Since capturing the Afghan capital Kabul in August 2021, the Taliban has increasingly restricted the rights of women and girls.

In December 2022, these restrictions were tightened with a ban on women working in non-governmental organisations (NGOs). In April 2023, this was extended to local UN workers.

Bans on female aid workers

In December 2022, the Taliban issued a decree banning women from working in national and international NGOs in Afghanistan. Media reports state the Taliban banned women from working for not adhering to the country’s Islamic dress code.

In April 2023, Afghan women were also banned from working with UN agencies. In response, the UN ordered its 3,300 male and female Afghan workers to remain at home.

The UN Security Council has unanimously adopted a resolution calling for the ban to be rescinded and for the UN to remain in Afghanistan. The UK Foreign Office condemned the banas putting at risk “millions of Afghans who depend on humanitarian assistance for their survival”.

The Organisation for Islamic Cooperation (OIC) has also called for the ban to be reversed. The OIC represents 56 member states, each of whom has a significant Muslim population.

How many women and NGOs are affected?

Since taking power, the Taliban has increasingly excluded women from the workforce. However, NGOs continued operating, and before the ban 40% of NGO staff in Afghanistan were women.

For 70% of these women, this was also their family’s main income source.

According to UN Women, 94% of surveyed NGOs fully or partially ceased their operations after the December ban.

Aid agencies report that the ban has hindered the delivery of aid, made it harder to assess the needs of women and girls, and increased safeguarding risks.

However, the ban is not universally enforced and increasing numbers of NGOs have resumed work.

Separate data from the UK Foreign, Commonwealth and Development Office (FCDO) states the proportion of organisations fully suspending work fell from 38% to 12% between January and February. Local organisations led by Afghan women continue to be most affected, as the Taliban refuses to negotiate with them.

How much does Afghanistan depend on aid?

In 2022, the UN Development Programme estimated that 85% of Afghans were living in poverty, up from half in 2020.

The UN Office for Coordination of Humanitarian Affairs also projects that 28 million Afghans, which is two thirds of the population, will need humanitarian assistance in 2023. Nearly 80% of those in need are women and children.

The prospects for improvements in conditions are limited, and there are warnings that international support for Afghanistan will fall because of donor fatigue and humanitarian need in Ukraine, east Africa and Syria.

Can aid still be effectively delivered?

All UK aid is directed through the UN or international NGOs.

The UK, UN and others are pushing for the Taliban to reverse the ban and find a means for NGOs to continue their work. This includes direct engagement with the Taliban, though the UK Government does not expect them to change the decree.

Another issue is that monitoring aid spending in Afghanistan is difficult. While the UK Government is monitoring how its aid funding is spent, in April 2023 the US Inspector General for Afghanistan told Congress that he could not assure them that the Taliban is not diverting foreign aid.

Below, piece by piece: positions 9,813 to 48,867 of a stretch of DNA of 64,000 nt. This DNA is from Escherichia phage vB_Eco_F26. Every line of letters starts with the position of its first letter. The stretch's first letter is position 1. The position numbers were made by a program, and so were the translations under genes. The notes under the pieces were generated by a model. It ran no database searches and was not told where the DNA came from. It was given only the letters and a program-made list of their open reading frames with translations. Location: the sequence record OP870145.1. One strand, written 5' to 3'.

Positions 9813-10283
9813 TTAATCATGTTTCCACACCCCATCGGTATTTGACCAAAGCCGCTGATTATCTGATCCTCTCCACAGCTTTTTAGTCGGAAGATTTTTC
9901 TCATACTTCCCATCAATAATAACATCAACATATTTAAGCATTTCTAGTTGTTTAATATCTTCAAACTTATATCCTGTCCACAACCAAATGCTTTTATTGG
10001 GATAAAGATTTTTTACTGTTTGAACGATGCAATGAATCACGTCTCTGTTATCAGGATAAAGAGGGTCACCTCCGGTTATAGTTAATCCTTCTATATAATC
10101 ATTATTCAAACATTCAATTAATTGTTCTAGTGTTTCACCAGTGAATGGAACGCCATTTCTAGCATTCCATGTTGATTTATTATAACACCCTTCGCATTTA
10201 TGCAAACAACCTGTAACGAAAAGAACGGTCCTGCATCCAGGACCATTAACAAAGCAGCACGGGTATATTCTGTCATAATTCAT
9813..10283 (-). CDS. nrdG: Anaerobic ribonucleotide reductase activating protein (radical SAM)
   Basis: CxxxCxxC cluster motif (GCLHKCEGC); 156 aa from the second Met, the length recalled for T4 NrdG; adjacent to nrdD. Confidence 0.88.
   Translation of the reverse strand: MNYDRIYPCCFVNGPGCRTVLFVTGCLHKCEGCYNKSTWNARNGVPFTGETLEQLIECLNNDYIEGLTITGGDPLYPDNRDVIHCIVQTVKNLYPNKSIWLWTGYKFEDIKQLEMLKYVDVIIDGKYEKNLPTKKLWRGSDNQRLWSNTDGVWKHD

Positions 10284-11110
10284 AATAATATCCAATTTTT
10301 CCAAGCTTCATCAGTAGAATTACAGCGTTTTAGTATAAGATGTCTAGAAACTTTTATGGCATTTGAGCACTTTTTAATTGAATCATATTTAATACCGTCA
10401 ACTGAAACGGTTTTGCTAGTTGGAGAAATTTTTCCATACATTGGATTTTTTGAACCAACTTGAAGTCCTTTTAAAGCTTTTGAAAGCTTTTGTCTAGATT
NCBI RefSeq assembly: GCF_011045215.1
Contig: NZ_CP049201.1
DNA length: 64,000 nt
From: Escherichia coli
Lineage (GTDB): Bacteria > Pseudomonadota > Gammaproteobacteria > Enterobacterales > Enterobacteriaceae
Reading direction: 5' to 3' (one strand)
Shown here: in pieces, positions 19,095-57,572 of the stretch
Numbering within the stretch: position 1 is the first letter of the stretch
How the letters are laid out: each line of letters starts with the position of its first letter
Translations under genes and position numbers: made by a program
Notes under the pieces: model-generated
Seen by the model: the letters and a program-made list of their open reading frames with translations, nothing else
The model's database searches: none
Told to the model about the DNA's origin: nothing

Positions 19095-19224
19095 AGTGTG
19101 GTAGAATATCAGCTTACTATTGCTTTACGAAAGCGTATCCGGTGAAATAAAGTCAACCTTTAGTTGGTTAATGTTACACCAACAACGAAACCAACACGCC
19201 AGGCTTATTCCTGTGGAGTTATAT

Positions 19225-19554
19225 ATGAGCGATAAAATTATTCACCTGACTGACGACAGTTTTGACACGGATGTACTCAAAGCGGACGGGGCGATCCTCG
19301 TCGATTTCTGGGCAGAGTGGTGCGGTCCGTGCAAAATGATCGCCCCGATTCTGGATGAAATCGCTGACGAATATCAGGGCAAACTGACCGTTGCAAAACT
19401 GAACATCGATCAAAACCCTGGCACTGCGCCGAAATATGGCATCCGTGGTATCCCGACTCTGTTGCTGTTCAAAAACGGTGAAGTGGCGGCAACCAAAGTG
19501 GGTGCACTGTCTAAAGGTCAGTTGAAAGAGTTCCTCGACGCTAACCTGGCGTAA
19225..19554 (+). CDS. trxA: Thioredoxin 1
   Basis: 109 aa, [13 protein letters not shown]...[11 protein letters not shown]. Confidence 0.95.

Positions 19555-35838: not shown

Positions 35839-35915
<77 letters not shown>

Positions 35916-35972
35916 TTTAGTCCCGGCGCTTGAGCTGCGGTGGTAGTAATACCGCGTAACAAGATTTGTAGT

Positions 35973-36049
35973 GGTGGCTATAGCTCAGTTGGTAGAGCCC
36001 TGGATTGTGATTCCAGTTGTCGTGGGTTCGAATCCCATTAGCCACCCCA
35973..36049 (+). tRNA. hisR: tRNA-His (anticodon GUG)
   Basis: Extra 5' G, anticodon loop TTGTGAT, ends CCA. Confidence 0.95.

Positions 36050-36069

Could aid be made conditional on rights for women and girls?

In January 2023, International Development Minister Andrew Mitchell opposed making UK aid conditional, arguing the Taliban was unlikely to be affected and conditionality would harm those the UK is seeking to help.

Human Rights Watch has argued that any conditions on funding should be sensitive to the fact that some provinces and sectors (such as primary education) do not restrict women and girls to the same degree, and nation-wide funding conditions should not penalise them.

UK aid to Afghanistan is expected to fall

The UK committed to providing £286 million a year in aid to Afghanistan for 2021/22 and 2022/23. This made it the UK’s largest bilateral aid programme.

However, FCDO data seen by the Independent Commission for Aid Impact (ICAI), which is responsible for scrutinising UK aid spending, found funding fell to £246 million in 2022/23. Work affected included polio vaccinations and landmine clearance.

In response to questions on whether the UK will use the ban as a reason to reduce its aid, the Minister for South Asia and the Middle East, Lord Ahmad, said the Government must be “realistic” about what funding can be effectively distributed.

In its allocations for 2023/24, the FCDO plans to spend £142 million across Pakistan and Afghanistan (53% lower than 2022/23).

In its May 2023 report on UK aid to Afghanistan, the ICAI said it understands UK aid to Afghanistan will be £100 million in 2023/24. It cites increased spending on hosting refugees in the UK as one cause of the reduction.

In June 2023, the House of Commons is expected to hold a debate on the rights of women and girls in Afghanistan. The Commons International Development Committee has held two evidence sessions into the situation for women and girls in Afghanistan.

Further reading

About the author: Philip Loft is a researcher at the House of Commons Library, specialising in international development

Photo by: Mohammad Husaini on Unsplash

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